Question #0042b

Aug 24, 2017

The solution is: all $\theta$ except of $\theta = \frac{\pi}{2} + \pi k$ with $k$ an integer.

Explanation:

${\sec}^{2} \theta = \frac{1}{\cos} ^ 2 \theta$ is not defined for $\cos \theta = 0$, so it is not defined for $\theta = \frac{\pi}{4} + \pi k$ with $k$ an integer.

For all other $\theta$, we have

$\left(1 - {\sin}^{2} \theta\right) \cdot \frac{1}{\cos} ^ 2 \theta = {\cos}^{2} \theta \cdot \frac{1}{\cos} ^ 2 \theta = 1$

So, every other $\theta$ is a solution.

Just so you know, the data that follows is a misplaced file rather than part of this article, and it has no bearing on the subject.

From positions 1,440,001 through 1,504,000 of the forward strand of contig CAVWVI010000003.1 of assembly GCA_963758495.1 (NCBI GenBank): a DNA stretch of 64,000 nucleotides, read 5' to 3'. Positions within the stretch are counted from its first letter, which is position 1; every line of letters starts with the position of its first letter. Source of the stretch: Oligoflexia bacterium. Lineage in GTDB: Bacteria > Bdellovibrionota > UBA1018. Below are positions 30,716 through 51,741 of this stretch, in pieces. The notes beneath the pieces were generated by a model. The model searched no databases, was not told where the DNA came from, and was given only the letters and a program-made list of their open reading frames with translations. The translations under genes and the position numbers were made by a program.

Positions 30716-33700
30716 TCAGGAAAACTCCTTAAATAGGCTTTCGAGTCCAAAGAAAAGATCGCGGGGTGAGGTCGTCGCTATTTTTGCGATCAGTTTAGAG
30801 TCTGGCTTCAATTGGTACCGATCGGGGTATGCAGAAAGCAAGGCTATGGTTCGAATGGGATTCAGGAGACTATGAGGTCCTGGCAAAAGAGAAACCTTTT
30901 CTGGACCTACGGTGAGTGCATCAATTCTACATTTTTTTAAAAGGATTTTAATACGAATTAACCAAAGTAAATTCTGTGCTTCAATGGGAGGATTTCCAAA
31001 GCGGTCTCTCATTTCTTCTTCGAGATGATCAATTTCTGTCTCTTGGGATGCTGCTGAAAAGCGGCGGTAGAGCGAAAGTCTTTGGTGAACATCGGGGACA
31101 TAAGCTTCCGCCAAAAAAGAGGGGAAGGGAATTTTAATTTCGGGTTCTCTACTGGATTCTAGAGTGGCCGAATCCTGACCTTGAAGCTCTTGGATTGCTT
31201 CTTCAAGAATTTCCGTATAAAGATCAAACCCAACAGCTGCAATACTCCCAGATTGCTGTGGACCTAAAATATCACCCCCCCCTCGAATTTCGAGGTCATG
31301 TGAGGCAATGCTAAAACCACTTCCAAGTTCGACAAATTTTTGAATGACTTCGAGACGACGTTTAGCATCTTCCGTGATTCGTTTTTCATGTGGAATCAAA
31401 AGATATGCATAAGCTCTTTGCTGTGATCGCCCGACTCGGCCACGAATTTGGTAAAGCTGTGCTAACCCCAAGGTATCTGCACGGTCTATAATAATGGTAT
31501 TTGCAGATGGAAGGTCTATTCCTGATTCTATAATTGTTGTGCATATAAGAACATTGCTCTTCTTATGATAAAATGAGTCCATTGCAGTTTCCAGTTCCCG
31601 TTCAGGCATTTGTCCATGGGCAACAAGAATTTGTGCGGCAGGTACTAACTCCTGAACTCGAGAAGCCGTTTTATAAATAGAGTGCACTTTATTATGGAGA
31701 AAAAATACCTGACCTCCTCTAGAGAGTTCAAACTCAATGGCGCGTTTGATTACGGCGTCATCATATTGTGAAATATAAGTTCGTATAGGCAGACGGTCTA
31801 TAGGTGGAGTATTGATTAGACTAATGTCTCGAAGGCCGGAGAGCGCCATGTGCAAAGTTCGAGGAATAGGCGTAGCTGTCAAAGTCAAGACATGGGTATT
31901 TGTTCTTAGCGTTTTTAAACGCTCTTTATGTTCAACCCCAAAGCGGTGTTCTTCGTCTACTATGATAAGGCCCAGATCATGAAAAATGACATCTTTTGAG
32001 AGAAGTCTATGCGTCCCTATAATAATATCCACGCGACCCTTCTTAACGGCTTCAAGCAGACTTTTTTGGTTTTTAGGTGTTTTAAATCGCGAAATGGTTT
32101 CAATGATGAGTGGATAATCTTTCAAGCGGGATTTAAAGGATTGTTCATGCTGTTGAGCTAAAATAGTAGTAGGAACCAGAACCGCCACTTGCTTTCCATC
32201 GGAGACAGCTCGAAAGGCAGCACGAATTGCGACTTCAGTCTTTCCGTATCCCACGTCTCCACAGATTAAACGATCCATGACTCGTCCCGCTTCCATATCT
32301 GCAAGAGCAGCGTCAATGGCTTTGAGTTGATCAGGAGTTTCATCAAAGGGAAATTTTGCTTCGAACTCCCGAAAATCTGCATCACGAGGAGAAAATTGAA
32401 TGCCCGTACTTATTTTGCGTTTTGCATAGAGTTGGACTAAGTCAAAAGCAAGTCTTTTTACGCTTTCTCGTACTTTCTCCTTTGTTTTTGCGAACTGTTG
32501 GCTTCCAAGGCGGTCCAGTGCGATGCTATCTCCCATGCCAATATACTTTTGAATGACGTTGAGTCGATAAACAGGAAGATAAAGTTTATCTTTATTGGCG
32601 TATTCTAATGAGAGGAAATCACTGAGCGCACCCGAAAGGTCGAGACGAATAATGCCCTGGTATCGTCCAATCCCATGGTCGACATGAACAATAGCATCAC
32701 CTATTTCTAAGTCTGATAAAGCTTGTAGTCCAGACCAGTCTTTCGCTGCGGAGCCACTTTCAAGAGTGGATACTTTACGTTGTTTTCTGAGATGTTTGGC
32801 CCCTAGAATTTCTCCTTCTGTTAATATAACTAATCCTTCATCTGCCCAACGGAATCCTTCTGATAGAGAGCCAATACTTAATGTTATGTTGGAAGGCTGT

Aug 24, 2017

See explanation below.

Explanation:

We have: $\left(1 - {\sin}^{2} \left(\theta\right)\right) {\sec}^{2} \left(\theta\right)$

One of the Pythagorean identities is ${\cos}^{2} \left(\theta\right) + {\sin}^{2} \left(\theta\right) = 1$.

We can rearrange it to get:

$R i g h t a r r o w {\cos}^{2} \left(\theta\right) = 1 - {\sin}^{2} \left(\theta\right)$

Let's apply this rearranged identity to our proof:

$= {\cos}^{2} \left(\theta\right) \cdot {\sec}^{2} \left(\theta\right)$

Let's apply the standard trigonometric identity $\sec \left(\theta\right) = \frac{1}{\cos \left(\theta\right)}$:

$= {\cos}^{2} \left(\theta\right) \cdot \frac{1}{{\cos}^{2} \left(\theta\right)}$

$= \frac{{\cos}^{2} \left(\theta\right)}{{\cos}^{2} \left(\theta\right)}$

$= 1 \text{ " }$ $\text{Q.E.D.}$